In the mid-1980s, Joe Fiedler was a jazz student at the University of Pittsburgh, studying the trombone bible according to J.J. Johnson under the tutelage of hard-bop legend Nathan Davis. A math nerd, Fiedler enjoyed the puzzle of chord substitutions, but he felt he was missing something. Then, late one night, as he was driving home from a date, he heard a recording on Public Radio International’s Jazz After Hours that changed his life.
“It was the greatest thing,” Fiedler remembers. “The trombone was growling, smearing against the grain and using a lot of vibrato. It had humor and drama. I told myself, ‘That’s how I want to play, and that’s the road I want to go down.’ I’d been so into bebop, but this put me on a new path. I pulled the car over to the shoulder so I’d be sure to hear [deejay] Jim Wilke name all the players. The trombonist was Ray Anderson.”
At a pizza joint in downtown Baltimore, Fiedler, now 52, grins at the memory. A tall man with gray sideburns, wearing glasses, jeans and a blue-and-white print shirt, he exudes the modesty of an underdog. Despite a deep catalog of impressive recordings and collaborations with Cecil Taylor, Andrew Hill, Anthony Braxton, Maria Schneider, the Mingus Big Band and Eddie Palmieri, he has never won much renown outside the world of avant-garde jazz.
The circuitous path he has followed since pulling over to the shoulder of a Pennsylvania highway more than 30 years ago has led to Like, Strange (Multiphonics), which expands his longtime trio into a quintet and places a new emphasis on tunes. He still employs the growls and smears of avant-garde trombone, but he marries those techniques to an increased emphasis on melody and form. “With this record, after so many years with the trio, I wanted to try my thing in a more conventional format without sacrificing any bit of my personal style,” he explains. “I found it is more dangerous and challenging to play over standard changes and to limit a solo to two choruses, because the room for error is much less. Now I have to make conscious decisions about when I’m going to play inside the changes and when I’m going to play outside.”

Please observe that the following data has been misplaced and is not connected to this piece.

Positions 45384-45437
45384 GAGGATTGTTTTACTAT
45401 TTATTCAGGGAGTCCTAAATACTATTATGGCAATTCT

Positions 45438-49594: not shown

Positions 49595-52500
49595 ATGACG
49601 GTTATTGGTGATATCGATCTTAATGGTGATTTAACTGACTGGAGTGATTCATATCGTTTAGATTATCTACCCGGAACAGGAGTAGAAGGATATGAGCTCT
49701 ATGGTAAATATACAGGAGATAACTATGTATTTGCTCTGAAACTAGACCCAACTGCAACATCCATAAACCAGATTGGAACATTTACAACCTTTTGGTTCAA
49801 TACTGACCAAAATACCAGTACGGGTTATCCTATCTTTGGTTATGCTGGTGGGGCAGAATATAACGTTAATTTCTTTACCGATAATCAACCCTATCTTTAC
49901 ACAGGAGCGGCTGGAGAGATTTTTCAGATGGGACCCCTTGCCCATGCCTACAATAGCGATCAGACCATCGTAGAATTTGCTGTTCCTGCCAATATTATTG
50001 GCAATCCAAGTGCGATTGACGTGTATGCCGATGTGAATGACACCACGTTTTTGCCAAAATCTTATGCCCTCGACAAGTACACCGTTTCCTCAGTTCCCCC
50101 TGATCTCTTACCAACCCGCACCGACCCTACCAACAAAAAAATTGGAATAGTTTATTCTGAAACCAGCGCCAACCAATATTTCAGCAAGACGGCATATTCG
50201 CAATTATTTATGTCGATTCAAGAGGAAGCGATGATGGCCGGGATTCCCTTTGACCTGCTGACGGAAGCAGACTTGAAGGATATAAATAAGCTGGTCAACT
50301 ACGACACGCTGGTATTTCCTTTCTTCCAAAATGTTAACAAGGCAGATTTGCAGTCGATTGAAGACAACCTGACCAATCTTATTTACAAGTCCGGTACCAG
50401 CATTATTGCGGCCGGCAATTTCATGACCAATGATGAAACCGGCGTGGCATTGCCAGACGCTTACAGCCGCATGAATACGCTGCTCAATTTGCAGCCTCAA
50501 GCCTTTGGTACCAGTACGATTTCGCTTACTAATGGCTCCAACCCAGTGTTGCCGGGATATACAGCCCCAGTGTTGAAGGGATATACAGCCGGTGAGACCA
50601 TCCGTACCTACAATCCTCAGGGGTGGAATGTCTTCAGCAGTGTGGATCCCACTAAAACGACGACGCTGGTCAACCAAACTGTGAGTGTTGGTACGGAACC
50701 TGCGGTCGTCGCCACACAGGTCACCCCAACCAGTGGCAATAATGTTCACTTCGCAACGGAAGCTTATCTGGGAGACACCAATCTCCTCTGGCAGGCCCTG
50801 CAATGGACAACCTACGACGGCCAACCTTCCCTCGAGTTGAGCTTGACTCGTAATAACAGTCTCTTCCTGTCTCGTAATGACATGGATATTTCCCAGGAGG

Later that evening, Fiedler leads the quintet from the recording through a tour date at Baltimore’s armchair-filled jazz venue, An Die Musik Live! On “Maple Avenue Tango,” off the new album, Michael Sarin’s drum mallets and Pete McCann’s shivering, film-noir guitar set up the jaunty melody, introduced by Fiedler and saxophonist Jeff Lederer.
After McCann plays a slo-mo guitar solo over bassist Rob Jost’s tango syncopation, Lederer and Fiedler engage in a call-and-response duet, trading eights that stay close to the theme. By the time they’re trading fours, however, they’ve digressed into free improvisation that only obliquely echoes the tune. Soon they are soloing simultaneously.
That collective improvisation recalls not only Ornette Coleman’s Harmolodics but also early New Orleans jazz. More specifically, the interaction between Fiedler and Lederer evokes the exchanges between trombonist Roswell Rudd and saxophonist Steve Lacy, two avant-gardists who got their start playing trad-jazz. The trombone, of course, was a key instrument in early jazz, as was the tuba, which Fiedler employs in another of his ensembles, Big Sackbut. “I don’t listen to a lot of Dixieland,” he admits, “but I recognize that it’s at the root of my music. It all starts with Roswell and Steve, but Ray Anderson took it a step further by playing tunes and solos. Most of the people who have a free vocabulary don’t have command of harmony—and vice versa. The ideal is to have both. You could hear that with Mingus. He could have Clifford Jordan play a solo and then have Eric Dolphy play a solo—and have it work.”